Sure, it sounds gross. It is gross. But so is a lot of the creative stuff doctors do to keep us alive.
As it turns out, the resurgence of therapies that use maggots and leeches has saved thousands of lives. Doctors can use them because they are FDA-approved as medical devices, despite being living creatures.
Now, no one heads to the local community garden or dumpster to get medicinal leeches and maggots. They are created in labs within very specific parameters.
So, let’s start with maggots. How can they possibly be medicinal?
The maggots used in medicine are the larvae of bottle-green blowflies. Because maggots only eat dead skin and not living skin, they’re actually perfect for cleaning infected wounds. Instead of having some first-year resident scrubbing out your open wound, maggots are even more gentle by comparison. In fact, since they’re eating dead tissue that’s already numb, you don’t feel the chomping at all. And they do a darn thorough job!
Leeches, on the other hand, are known as blood drinkers. Both of these creatures have been used in medicine for thousands of years, but are just making a comeback. However, leeches weren’t always applied in helpful ways in the past. Now, they’re used to clean up pooled blood in the body.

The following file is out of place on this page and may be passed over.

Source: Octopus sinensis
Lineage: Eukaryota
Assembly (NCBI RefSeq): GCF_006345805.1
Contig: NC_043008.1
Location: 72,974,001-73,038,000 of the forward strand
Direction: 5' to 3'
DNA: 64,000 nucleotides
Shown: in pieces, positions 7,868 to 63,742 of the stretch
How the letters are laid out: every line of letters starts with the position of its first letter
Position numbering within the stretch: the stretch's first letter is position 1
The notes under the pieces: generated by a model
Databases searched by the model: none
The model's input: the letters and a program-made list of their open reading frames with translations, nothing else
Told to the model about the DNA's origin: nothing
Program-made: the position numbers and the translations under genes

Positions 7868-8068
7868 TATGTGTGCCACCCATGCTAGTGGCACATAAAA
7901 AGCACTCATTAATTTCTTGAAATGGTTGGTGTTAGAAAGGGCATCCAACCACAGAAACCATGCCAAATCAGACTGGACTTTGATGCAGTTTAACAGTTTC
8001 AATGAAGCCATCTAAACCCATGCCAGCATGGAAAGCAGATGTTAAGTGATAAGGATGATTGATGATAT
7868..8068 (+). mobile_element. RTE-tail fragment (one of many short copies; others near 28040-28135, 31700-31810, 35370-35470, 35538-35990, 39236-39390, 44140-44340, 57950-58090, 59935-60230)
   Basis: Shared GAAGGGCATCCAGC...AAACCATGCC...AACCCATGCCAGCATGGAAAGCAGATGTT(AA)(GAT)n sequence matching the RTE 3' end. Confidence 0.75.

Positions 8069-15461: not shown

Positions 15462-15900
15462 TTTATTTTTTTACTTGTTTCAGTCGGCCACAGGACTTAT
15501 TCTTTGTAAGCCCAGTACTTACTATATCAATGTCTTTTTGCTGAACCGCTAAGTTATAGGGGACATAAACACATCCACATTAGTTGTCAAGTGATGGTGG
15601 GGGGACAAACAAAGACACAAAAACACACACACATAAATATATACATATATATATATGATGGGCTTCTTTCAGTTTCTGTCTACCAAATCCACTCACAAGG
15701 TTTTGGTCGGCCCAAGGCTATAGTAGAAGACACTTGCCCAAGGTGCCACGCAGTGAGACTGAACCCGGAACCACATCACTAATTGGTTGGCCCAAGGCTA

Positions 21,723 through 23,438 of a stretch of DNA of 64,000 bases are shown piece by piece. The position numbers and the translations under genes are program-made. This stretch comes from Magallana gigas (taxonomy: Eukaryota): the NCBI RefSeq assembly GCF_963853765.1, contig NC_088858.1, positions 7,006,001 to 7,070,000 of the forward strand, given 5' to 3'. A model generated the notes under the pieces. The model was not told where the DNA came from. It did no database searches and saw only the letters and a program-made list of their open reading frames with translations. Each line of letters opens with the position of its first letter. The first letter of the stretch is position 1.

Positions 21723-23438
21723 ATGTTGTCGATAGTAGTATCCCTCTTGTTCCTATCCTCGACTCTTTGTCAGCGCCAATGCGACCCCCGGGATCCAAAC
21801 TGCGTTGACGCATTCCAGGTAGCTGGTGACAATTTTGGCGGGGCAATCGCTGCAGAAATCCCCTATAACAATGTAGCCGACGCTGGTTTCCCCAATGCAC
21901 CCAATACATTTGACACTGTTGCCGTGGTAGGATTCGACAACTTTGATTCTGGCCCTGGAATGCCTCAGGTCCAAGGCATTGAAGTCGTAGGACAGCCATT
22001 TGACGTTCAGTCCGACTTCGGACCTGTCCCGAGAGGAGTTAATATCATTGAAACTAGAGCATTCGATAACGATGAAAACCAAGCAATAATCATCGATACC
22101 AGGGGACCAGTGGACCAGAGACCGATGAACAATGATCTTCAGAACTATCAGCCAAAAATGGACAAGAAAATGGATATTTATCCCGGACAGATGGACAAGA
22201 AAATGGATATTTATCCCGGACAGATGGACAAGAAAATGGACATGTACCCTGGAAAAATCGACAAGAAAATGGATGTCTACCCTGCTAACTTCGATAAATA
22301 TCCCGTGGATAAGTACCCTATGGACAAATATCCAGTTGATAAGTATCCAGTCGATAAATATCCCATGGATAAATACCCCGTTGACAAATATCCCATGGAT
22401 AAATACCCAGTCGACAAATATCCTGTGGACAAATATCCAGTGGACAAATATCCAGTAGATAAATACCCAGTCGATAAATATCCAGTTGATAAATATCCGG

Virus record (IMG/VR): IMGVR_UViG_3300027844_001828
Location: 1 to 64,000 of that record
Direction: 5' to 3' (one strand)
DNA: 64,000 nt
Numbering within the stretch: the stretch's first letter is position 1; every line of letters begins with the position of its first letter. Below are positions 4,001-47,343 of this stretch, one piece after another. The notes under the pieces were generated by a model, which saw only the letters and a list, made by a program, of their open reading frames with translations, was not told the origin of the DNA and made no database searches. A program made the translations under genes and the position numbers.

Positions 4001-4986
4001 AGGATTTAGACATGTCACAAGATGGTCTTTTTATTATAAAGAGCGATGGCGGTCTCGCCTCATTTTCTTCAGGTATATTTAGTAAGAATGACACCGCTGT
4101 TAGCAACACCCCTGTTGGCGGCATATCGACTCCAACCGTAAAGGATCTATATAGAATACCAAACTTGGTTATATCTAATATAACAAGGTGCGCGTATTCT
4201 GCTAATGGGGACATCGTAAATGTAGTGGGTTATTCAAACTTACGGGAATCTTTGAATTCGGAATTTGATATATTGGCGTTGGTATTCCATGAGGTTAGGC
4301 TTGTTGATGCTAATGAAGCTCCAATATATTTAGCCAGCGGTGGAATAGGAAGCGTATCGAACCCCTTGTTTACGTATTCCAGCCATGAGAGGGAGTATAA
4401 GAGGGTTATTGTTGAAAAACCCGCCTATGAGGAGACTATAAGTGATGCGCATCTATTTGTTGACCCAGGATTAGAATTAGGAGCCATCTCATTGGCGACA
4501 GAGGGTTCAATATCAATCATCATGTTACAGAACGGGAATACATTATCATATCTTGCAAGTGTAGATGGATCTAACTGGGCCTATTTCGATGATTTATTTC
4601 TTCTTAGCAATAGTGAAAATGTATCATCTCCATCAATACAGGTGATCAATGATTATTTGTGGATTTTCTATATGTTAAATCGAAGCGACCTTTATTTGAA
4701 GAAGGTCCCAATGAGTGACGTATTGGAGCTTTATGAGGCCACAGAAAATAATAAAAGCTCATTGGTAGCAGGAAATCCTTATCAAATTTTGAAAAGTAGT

According to Discover Magazine: “When blood starts pooling instead of circulating, the area swells, and the lack of fresh, oxygenated blood causes skin tissues to die. Leeches can prevent that from happening.”
In the 1980s, as more wounds became resistant to antibiotics, a few doctors wanted to try maggots again and got some men at the VA hospital to agree. After the trials worked, the doctor in charge realized that in order to share the maggots with colleagues, he had to file paperwork with the FDA, and they turned out to be hard to regulate. But it was possible and in 2003, the FDA approved maggots as a medical device. Six months later, leeches were approved as well.
Obviously, not all hospitals are keen to use them (and patients aren’t generally big fans of the idea either). – WTF fun facts